September 23, 2017

Astronomy Video of the Week: To Nuke the Moon

Thor launches from the Cape.

Image credit: British Pathé

There are lots of strange proposals from the early Space Age that —thankfully— never came to pass. We recently came across one of those stranger proposals in an old newsreel courtesy of British Pathé. An amazing resource, British Pathé hosts thousands of old newsreels from the mid-to early 20th century featuring a treasure trove of grand old vids with rocket launches, solar eclipse expeditions, and much more. [Read more...]

Astro-Vid Of the Week: The Launch of Luna 2

The Luna 2 Impactor. (Credit: NASA).

The late 1950s was a heady time of firsts in space for the Soviet Union. 54 years ago today on September 12th 1959, Mother Russia achieved another first with the launch of Luna 2. The 860 lb satellite lifted off at 06:39:42 Universal Time from the Baikonur Cosmodrome to impact the Moon east of the Mare Imbrium near the crater Archimedes just over 36 hours later. [Read more...]

Review: Rocket Girl by George D. Morgan


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The untold tales of the early Space Age are legion. Many of these were shrouded in secrecy, while others simply fell to the bureaucratic wayside. There’s no doubt some amazing stories are still left to tell in the piles of dusty documents and long lost archival footage in vaults that no one remembers… [Read more...]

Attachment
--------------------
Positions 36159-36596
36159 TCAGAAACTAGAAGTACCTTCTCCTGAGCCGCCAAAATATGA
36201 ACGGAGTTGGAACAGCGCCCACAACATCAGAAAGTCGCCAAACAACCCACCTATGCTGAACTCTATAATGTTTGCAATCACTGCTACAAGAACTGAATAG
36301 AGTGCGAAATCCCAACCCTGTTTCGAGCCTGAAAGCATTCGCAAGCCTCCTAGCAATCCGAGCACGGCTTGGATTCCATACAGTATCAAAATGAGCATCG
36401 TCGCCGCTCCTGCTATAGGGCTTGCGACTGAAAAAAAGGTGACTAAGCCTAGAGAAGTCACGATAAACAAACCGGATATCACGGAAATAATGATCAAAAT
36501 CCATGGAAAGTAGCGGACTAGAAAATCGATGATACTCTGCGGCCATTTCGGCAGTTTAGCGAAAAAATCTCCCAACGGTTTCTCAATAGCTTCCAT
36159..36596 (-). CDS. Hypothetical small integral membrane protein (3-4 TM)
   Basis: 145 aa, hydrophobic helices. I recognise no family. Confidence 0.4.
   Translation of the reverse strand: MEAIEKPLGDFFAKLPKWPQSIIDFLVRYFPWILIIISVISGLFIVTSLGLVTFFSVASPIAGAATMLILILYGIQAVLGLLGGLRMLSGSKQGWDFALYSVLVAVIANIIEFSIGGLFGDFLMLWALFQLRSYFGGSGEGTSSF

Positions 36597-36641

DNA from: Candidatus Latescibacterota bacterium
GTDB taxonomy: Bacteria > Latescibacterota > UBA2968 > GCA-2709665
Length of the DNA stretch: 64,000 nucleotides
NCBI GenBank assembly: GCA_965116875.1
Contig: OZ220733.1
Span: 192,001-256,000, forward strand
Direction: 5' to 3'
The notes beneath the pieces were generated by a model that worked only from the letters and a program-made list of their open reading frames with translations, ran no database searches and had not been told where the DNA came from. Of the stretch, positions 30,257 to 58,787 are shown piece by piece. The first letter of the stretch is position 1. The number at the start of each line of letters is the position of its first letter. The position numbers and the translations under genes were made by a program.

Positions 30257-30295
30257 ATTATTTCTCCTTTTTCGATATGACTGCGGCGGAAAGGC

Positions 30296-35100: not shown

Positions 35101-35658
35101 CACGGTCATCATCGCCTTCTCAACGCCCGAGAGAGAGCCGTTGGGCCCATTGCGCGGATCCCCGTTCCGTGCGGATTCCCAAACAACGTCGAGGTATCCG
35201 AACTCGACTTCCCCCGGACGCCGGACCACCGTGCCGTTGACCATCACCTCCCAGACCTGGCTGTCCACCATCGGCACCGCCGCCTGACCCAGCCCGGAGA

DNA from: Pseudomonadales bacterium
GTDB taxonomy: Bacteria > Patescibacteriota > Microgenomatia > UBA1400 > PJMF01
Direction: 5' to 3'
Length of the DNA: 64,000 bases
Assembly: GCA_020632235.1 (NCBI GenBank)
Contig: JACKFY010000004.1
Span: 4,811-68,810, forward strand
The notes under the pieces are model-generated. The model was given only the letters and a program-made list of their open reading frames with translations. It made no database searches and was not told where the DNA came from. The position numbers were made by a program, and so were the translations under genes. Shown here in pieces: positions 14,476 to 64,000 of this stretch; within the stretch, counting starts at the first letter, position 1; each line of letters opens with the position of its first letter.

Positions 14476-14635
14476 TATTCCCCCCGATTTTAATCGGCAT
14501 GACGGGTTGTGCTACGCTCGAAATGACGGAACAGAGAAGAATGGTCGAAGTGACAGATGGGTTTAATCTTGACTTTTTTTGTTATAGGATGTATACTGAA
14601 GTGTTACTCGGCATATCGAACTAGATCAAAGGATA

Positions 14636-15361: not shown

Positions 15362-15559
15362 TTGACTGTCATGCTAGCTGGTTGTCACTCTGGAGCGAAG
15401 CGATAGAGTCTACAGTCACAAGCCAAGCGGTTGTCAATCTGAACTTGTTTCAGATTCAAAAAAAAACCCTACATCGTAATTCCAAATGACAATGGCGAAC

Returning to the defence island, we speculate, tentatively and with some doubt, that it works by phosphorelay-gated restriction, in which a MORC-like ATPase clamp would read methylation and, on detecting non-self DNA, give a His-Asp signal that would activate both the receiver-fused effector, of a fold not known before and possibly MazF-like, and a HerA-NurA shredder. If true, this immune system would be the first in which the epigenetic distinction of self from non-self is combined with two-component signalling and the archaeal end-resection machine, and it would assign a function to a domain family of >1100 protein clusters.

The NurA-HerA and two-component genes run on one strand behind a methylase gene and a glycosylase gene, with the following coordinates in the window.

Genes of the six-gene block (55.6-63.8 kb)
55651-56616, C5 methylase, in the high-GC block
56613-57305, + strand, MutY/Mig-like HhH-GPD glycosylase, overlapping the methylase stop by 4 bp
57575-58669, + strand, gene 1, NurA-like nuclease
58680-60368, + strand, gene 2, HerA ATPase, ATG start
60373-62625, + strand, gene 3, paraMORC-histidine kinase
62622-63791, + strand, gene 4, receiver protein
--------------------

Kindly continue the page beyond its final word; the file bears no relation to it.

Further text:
AstroChallenge: Hunting the Vanguards.

Vanguard 1, the “Flying Grapefruit.” (Credit: NASA).

Looking for something new in the realm of satellite hunting? A few weeks ago, a discussion popped up on Twitter for the possibility of spotting an elusive set of targets still in space. In early 1958, the United States orbited the Vanguard 1 spacecraft, the first of a series of three successful launches of Project Vanguard and only the second successful object placed in orbit by the United States following Explorer 1. [Read more...]

Keep Watching the Skies! by W. Patrick McCray

Quick note: The Phoenix has landed! Full details in next weeks’ post!

The 1950s were heady times for both the public and amateur and scientists alike.

Rarely have the contributions of rank amateurs been acknowledged publicly. In Keep Watching the Skies! The Story of Operation Moonwatch and the Dawn of the Space Age, W. Patrick McCray reveals a forgotten saga. It’s hard to imagine that only a scant fifty years ago, “satellite spotting” (a future movie?) was not as common or mundane as it could be considered today. [Read more...]